New Canaan Police teach traffic safety to Boy Scouts
Updated 10:00 am, Tuesday, April 26, 2011
When it comes to her job description, New Canaan Police Sgt. Carol Ogrinc goes above and beyond. When Boy Scout Troop 70 needed help with some of their merit badge requirements, she was more than happy to oblige.
Last Friday, Troop 70 arrived at the police department ready to learn to receive their traffic safety merit badge. More than 15 scouts were on hand learning everything from seat belt safety to tire pressure mechanics.
This was not the first time Ogrinc helped out Troop 70. She previously taught them about the principles of fingerprinting, yet another general requirement merit badge. Scouts have to earn 21 merit badges to attain the highest honor of Eagle Scout. Out of those 21 badges, 12 of them have to come from a required list, while the other nine can be general badges.
Mary McCauley, one of the merit badge coordinators for the troop, explained that the boys had a choice of completing either Traffic Safety or a few other general requirement badges.
"I was really surprised the boys wanted to do this merit badge," McCauley said. "However, I am pleased and hopefully we'll have some future really good drivers and kids that will listen to the rules and they'll know the regulations."
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The main theme of the event was major traffic safety problems in New Canaan. Ogrinc stressed that most accidents and issues police see in town have to do with people speeding, following too closely and distracted driving. They also discussed other major issues like drunk driving and the rules of the road.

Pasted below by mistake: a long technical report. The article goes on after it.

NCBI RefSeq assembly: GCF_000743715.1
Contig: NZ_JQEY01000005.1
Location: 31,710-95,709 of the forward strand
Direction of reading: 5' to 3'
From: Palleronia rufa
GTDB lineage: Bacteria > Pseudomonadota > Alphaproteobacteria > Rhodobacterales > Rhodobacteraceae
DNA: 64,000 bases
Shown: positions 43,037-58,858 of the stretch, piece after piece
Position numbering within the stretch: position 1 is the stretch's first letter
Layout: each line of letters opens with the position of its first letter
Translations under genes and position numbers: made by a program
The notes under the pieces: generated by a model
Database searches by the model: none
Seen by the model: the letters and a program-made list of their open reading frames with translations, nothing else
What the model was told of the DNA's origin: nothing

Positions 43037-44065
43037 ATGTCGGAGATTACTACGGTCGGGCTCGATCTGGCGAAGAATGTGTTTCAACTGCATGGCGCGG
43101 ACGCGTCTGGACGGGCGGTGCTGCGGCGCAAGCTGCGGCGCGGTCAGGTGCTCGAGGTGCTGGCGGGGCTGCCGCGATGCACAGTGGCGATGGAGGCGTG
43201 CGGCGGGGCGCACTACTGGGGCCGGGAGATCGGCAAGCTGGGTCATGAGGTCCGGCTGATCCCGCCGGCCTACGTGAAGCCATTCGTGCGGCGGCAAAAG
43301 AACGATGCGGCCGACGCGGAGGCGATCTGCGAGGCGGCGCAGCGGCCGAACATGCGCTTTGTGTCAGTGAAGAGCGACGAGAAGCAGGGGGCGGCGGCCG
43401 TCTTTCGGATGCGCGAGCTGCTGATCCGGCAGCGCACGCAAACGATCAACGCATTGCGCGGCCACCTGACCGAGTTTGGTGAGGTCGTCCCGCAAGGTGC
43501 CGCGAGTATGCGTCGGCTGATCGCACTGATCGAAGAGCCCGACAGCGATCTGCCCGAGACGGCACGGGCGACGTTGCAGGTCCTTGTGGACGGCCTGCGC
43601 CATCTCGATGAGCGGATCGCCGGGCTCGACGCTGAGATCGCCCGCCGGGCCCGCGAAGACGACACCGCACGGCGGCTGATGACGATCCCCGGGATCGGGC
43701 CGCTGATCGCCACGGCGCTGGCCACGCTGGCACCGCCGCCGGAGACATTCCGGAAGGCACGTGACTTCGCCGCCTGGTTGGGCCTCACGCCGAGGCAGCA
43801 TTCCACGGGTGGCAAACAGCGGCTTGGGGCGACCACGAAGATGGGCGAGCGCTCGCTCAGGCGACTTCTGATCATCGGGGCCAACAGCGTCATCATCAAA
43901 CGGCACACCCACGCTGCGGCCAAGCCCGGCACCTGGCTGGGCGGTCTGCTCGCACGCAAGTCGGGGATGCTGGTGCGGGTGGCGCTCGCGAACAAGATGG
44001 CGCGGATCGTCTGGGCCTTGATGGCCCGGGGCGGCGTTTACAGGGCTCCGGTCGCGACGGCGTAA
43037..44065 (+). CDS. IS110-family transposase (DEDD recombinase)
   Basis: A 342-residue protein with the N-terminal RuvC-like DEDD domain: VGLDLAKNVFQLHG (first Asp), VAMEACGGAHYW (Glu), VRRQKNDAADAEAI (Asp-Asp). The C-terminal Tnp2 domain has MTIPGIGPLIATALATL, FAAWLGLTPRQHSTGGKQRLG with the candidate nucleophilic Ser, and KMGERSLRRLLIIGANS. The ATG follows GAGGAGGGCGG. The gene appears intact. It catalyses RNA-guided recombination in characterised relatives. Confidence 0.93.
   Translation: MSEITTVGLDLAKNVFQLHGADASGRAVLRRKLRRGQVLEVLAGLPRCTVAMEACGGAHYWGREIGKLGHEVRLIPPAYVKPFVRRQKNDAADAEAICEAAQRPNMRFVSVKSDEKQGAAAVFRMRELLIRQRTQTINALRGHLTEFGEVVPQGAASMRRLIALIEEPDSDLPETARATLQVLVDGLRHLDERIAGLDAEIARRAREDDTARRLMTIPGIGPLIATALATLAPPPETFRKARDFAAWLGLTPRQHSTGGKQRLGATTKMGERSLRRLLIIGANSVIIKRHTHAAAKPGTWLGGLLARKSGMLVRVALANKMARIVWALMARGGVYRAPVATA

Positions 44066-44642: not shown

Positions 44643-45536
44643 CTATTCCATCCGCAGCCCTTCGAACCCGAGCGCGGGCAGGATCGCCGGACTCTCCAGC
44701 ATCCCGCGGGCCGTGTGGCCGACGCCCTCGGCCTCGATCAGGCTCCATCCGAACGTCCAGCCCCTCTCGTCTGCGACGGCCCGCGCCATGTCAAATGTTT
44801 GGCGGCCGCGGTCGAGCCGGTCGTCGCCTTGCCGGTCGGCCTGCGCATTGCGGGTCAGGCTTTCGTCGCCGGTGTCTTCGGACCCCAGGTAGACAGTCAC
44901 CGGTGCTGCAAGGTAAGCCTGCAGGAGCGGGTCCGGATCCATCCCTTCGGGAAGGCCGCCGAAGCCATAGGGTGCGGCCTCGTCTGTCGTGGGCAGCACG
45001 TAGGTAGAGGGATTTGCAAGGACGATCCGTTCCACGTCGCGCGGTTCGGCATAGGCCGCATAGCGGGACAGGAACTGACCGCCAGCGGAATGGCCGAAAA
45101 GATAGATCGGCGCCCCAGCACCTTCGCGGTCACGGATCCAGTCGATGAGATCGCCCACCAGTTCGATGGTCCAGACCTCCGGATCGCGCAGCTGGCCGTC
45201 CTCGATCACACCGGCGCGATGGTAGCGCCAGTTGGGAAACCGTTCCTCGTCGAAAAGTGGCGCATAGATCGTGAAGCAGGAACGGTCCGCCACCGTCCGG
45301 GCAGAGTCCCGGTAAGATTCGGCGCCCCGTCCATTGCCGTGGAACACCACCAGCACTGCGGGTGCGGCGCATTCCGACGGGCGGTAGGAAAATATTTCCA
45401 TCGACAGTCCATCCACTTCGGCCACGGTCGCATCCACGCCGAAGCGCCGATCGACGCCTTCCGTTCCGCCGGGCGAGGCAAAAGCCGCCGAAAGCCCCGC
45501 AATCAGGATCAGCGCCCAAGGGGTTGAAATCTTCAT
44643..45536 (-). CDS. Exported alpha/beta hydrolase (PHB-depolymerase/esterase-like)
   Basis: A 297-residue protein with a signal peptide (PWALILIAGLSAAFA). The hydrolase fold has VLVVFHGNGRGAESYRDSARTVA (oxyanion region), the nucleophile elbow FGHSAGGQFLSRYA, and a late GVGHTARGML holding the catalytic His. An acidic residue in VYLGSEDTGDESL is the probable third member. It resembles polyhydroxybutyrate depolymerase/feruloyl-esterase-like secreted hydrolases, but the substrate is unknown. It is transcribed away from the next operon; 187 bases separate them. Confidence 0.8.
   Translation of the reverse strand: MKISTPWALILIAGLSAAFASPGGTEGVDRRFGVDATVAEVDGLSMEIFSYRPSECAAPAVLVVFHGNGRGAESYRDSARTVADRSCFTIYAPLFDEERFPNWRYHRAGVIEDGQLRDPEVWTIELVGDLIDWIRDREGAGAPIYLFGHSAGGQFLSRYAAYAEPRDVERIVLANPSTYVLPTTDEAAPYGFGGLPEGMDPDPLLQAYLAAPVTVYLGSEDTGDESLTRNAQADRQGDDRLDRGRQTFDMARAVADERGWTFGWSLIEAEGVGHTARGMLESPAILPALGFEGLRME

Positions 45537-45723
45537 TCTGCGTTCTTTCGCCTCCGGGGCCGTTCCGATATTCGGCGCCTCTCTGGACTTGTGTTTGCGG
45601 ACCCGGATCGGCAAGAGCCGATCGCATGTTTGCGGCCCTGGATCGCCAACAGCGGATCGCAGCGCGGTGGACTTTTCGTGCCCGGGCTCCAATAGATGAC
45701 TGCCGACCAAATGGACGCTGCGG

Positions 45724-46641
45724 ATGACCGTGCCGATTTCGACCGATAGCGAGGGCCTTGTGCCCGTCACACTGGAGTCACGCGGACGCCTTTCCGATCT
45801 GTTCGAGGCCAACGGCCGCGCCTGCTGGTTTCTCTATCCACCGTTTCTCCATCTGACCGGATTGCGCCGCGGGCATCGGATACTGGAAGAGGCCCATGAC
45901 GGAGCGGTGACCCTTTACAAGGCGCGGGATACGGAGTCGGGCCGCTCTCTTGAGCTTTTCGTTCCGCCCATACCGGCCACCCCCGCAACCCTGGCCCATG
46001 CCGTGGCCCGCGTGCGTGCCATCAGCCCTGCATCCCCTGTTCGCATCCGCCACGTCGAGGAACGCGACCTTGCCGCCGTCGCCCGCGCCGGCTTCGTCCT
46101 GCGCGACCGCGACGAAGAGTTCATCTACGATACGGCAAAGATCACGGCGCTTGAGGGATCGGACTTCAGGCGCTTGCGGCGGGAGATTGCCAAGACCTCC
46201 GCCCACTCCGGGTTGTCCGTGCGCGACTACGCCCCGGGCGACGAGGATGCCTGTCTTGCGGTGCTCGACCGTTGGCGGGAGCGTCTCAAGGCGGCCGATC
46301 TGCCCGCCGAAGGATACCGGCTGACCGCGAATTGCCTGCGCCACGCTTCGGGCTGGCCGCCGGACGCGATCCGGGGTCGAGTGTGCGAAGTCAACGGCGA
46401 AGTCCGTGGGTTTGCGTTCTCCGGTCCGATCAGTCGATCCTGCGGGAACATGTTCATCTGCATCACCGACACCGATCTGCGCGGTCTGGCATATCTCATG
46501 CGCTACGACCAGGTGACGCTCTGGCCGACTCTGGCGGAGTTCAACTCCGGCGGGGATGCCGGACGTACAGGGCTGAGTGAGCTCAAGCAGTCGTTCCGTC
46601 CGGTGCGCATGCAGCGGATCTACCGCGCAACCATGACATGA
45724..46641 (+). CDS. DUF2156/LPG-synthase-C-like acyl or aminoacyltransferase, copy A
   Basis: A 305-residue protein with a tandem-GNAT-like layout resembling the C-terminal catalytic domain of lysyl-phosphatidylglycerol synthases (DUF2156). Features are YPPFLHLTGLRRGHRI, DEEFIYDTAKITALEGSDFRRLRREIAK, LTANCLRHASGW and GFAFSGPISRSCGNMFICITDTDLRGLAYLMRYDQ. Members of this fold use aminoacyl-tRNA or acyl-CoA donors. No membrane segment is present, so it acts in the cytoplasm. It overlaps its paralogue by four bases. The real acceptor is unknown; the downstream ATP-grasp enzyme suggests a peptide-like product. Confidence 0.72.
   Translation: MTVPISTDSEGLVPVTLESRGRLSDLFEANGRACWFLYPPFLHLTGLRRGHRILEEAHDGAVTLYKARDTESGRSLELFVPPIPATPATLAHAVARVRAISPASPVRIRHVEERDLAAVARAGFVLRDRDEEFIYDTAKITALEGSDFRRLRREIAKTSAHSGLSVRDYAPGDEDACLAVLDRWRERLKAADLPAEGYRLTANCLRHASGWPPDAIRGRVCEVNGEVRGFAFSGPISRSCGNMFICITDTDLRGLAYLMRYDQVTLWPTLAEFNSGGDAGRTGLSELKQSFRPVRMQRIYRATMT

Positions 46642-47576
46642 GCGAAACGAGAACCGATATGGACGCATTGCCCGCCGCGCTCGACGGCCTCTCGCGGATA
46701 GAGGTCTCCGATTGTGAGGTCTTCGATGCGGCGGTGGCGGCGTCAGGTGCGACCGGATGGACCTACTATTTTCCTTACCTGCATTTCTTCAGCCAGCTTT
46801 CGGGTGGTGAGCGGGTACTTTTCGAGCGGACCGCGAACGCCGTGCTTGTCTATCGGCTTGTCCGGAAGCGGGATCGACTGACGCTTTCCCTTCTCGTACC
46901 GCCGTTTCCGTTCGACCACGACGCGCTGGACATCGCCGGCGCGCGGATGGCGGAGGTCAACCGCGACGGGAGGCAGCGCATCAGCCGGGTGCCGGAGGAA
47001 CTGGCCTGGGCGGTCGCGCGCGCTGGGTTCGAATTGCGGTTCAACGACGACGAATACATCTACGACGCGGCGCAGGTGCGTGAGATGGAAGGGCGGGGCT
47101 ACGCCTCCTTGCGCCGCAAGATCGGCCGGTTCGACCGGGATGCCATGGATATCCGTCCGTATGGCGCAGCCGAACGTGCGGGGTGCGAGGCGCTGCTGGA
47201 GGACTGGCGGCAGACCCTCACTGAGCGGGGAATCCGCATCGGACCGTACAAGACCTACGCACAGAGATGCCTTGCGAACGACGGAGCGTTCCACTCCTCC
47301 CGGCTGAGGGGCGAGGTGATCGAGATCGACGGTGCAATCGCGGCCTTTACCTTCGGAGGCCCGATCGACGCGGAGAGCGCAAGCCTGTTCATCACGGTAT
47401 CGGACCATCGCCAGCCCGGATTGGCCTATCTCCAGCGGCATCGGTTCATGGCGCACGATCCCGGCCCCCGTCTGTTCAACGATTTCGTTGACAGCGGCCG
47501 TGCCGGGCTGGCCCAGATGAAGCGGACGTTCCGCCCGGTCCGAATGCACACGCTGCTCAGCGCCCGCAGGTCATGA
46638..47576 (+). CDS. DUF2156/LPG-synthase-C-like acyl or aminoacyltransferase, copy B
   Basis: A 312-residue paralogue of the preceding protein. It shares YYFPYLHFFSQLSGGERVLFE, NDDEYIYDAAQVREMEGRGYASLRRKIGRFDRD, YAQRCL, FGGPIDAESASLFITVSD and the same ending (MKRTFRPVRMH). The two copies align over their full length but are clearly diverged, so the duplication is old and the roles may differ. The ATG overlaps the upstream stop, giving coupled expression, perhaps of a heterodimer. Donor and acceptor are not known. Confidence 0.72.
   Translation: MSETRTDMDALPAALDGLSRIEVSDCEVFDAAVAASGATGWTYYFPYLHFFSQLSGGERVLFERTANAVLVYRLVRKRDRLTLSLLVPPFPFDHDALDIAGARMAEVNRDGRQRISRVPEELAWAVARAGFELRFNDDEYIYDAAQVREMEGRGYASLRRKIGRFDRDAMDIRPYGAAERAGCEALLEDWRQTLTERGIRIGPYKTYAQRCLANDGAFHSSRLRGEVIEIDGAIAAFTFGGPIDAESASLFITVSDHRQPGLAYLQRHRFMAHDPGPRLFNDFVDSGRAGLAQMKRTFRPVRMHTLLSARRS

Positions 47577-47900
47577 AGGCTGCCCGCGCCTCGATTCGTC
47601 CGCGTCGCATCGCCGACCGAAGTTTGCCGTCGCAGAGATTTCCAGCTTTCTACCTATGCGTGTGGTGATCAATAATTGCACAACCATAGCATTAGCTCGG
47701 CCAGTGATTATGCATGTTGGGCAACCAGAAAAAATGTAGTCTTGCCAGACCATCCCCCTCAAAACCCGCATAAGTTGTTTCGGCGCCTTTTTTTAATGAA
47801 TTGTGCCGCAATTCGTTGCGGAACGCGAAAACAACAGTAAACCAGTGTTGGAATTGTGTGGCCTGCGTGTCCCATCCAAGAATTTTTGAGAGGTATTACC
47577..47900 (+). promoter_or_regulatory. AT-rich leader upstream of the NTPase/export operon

Aside from those conversations, the boys were able to get hands-on for the badge as well. One of the first things Ogrinc showed the kids was basic maintenance safety of cars. That meant making sure the headlights, taillights and brake lights are all functioning properly. She also discussed all wheel drive, anti-lock brakes, airbags and the actual purpose of headrests.
"Those headrests you see on cars are not so you can just lean your head back to relax," she said.. "If you get into an accident, [the headrest] catches your head so it does not snap back."
The kids also learned how to check tire pressure on Ogrinc's vehicle, the safe stopping distance required at certain speeds and the significance of different signs and signals.
For Ogrinc, the experience was great and also taught her the importance of scouting.
"Each of these merit badges are pretty in-depth. They have to know everything about this stuff. It almost makes them experts," she said. "It was great to have them here. They are very inquisitive and eager to learn. It makes it fun."